Wednesday, January 15, 2014

Frankenfoods normalized? A quick response

I was surprised to read over at Eschaton that

                   …there's nothing inherently dangerous about genetic modification.  
                   Several people pointed out, correctly, that it's just a faster way to 
                   practice husbandry than traditional methods.    

This, in the famous words of physicist and Nobel Laureate Wolfgang Pauli, is not even wrong.  Normal  husbandry is confined to mixing characteristics among organisms which can naturally crossbreed.  That is, you can cross one apple with another, one weed with another, one grain with another, and so on.

You cannot, in nature, cross a fish and a tomato.  Old Farmer Jones can throw as many tomatoes as he likes into the pond with his carp, but the two will never exchange genetic information.

But you can do this, by gene modification, and it has been done. 

On the other hand, grains and weeds, (both, in my non-botanical mind, being grasses) should readily cross-pollinate, and have in fact been shown to do so naturally.  (This fact has implications for the development of drug-resistant super weeds, but that's a story for another day.)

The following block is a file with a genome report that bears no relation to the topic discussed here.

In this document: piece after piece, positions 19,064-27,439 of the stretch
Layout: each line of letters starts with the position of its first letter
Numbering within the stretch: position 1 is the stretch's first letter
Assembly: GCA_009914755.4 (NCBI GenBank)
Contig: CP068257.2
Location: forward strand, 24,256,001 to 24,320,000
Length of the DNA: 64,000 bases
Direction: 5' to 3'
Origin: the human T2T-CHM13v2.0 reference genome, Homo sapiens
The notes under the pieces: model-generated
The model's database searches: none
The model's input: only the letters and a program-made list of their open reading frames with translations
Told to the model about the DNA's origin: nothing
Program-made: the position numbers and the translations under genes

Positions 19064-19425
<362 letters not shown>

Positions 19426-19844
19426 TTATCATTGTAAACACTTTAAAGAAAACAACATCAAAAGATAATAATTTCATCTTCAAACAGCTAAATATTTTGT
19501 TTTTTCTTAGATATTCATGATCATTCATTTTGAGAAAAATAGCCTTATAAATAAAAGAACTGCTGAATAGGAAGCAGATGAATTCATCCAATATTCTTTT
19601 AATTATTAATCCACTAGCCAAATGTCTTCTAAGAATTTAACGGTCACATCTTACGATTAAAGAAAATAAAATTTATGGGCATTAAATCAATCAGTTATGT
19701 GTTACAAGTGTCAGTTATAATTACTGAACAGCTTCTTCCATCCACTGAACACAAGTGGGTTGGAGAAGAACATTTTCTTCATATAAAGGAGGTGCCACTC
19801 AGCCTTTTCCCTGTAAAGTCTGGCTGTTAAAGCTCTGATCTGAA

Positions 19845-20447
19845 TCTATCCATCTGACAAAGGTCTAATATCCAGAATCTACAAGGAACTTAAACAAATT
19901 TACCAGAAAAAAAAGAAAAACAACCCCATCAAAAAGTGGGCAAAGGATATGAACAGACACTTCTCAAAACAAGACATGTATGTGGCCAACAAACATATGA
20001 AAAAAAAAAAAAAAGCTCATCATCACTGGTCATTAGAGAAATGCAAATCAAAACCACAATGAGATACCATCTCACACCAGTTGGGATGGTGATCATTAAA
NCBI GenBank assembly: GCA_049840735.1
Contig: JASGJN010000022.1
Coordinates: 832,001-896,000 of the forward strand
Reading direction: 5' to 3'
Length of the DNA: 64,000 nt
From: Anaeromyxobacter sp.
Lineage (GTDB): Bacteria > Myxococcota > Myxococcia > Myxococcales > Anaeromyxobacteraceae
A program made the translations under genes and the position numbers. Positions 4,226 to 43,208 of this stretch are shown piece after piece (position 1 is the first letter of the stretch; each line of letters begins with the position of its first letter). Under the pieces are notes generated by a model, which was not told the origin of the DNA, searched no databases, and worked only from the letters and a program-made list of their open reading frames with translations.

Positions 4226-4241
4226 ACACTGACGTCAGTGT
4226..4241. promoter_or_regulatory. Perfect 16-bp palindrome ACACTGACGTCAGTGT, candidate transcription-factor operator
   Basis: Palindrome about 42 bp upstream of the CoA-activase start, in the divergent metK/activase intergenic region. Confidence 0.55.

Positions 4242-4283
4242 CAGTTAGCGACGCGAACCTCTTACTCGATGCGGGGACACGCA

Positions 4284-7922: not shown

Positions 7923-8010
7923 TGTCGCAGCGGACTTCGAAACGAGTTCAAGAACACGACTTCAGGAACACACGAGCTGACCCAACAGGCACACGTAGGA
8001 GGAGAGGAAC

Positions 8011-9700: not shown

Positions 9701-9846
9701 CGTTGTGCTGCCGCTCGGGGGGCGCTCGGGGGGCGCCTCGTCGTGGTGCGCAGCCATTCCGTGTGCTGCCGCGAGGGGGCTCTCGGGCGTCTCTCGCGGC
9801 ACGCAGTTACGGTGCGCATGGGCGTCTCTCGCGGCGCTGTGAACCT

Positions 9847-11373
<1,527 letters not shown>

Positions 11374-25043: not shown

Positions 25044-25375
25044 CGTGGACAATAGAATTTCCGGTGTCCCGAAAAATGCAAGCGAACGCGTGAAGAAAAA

So, with apologies to the ghost of the military theorist Clausewitz (certainly one of the most quoted individuals on the internet) gene modification is assuredly not a continuation of  husbandry by other means; it is, rather, a radical reshuffling of a biological order was has developed over hundreds of millions of years.  As the holder of a Ph. D. in Biochemistry, I do not consider myself smart enough to undertake such work.   Those who support it should at least recognize it for what it is. 

1 comment:

  1. Like everything else, genetic modification started out as an idea to do some good, but now it has become a tool for big corporations to control and rip unconscionable profit from something all of need, food.